Drop-tops

We compare Audi's TT Roadster to the Porsche Boxster, Nissan 350Z and Mercedes SLK

Want to make a splash this summer? There’s no better way of making waves on British roads than at the wheel of a drop-top. And hitting our shores in time to make the most of 2007’s sunshine is the second- generation Audi TT Roadster.

You’ll have to be fast, though. With 700 advance orders already taken, this promises to be the year’s hottest convertible. And that’s no surprise given its predecessor was a run­away success, selling more here than in any other country in the world, including Germany and the US. The newcomer promises to take over where the old one, launched in 2000, left off. Featuring radical aluminium and steel construction, it’s claimed to be 75kg lighter and 120 per cent stiffer than its predecessor. First customer deliveries begin next month, with prices starting at £26,915 for the 2.0T. Here it’s the top-spec 3.2 that does battle.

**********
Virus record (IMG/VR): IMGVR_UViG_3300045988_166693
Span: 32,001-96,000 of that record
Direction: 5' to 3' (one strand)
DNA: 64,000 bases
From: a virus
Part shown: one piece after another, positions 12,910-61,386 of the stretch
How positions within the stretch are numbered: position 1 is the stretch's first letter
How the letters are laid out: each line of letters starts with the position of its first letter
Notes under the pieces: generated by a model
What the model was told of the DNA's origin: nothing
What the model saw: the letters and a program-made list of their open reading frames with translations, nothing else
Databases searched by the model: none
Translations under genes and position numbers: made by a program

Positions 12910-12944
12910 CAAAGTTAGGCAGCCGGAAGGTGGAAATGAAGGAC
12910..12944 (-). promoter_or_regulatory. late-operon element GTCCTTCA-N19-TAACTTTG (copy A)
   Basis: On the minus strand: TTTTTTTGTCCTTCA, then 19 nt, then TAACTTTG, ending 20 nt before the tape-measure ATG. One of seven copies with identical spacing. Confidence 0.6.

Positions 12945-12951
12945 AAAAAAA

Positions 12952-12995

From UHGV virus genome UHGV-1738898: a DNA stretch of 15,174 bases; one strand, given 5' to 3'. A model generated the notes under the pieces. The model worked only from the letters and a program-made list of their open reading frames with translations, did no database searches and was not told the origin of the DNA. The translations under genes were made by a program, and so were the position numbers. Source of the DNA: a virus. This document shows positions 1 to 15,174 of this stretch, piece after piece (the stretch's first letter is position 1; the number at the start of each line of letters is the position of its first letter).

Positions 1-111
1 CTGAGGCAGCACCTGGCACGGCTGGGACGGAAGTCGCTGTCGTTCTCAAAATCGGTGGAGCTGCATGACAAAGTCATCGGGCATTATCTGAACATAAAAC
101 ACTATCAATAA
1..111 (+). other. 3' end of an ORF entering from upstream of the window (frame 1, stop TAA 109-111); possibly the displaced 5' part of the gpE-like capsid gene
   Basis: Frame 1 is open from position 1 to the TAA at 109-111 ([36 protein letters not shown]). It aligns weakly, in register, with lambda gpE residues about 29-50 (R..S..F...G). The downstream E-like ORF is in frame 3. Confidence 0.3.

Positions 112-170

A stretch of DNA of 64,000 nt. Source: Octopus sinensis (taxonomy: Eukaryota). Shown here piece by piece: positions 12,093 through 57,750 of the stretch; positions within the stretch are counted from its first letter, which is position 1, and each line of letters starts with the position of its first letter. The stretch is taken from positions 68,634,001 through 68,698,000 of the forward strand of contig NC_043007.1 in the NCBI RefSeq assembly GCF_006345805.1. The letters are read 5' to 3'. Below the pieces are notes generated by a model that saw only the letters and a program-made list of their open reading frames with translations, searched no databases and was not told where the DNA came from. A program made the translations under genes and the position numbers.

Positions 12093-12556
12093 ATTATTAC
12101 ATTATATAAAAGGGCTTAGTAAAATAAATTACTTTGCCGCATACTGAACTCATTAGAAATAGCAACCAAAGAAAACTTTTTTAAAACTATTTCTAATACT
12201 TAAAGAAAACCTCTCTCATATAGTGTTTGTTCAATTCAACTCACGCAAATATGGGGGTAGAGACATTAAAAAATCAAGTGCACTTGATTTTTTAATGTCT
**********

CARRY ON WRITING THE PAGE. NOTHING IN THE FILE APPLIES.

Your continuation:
But it’s not the only German roadster that’s intent on putting its towel on the lounger first. Porsche’s Boxster was crowned best roadster at our New Car Honours 2005 and was updated at the tail-end of last year with more power and standard stability control. Nor can you discount the Mercedes SLK 350 with its muscular V6 and elegant folding hard-top.

Our final contender comes from the far east. The mighty Nissan 350Z Roadster is the most potent of this quartet, yet the cheapest. All four promise to be as good to drive and live with as they are to look at, but has Audi done enough to blow its rivals out of the water?

Verdict

These are four great roadsters, and each has its own unique selling point. The new Audi TT Roadster has unbeatable quality and design, the Porsche Boxster offers peerless driver appeal, the Nissan 350Z majors on value and charisma and the Mercedes SLK possesses that stunning folding metal roof.

Although this means each is in with a shout of winning, gaps begin to appear. First to fall is the Mercedes. It’s expensive, has a poorer finish than the Audi and is the least enjoyable car to drive. Low-quality plastics affected the third-placed 350Z, which also lost out due to its cheap roof and limited practicality.

Splitting the Porsche and Audi was harder. Our heart said Boxster, the head said TT – and due to its poor equipment, higher costs and inferior refinement, the Porsche lost out by a small margin. The TT is a great addition to the roadster market – although the 2.0T version is likely to be an even better all-rounder.

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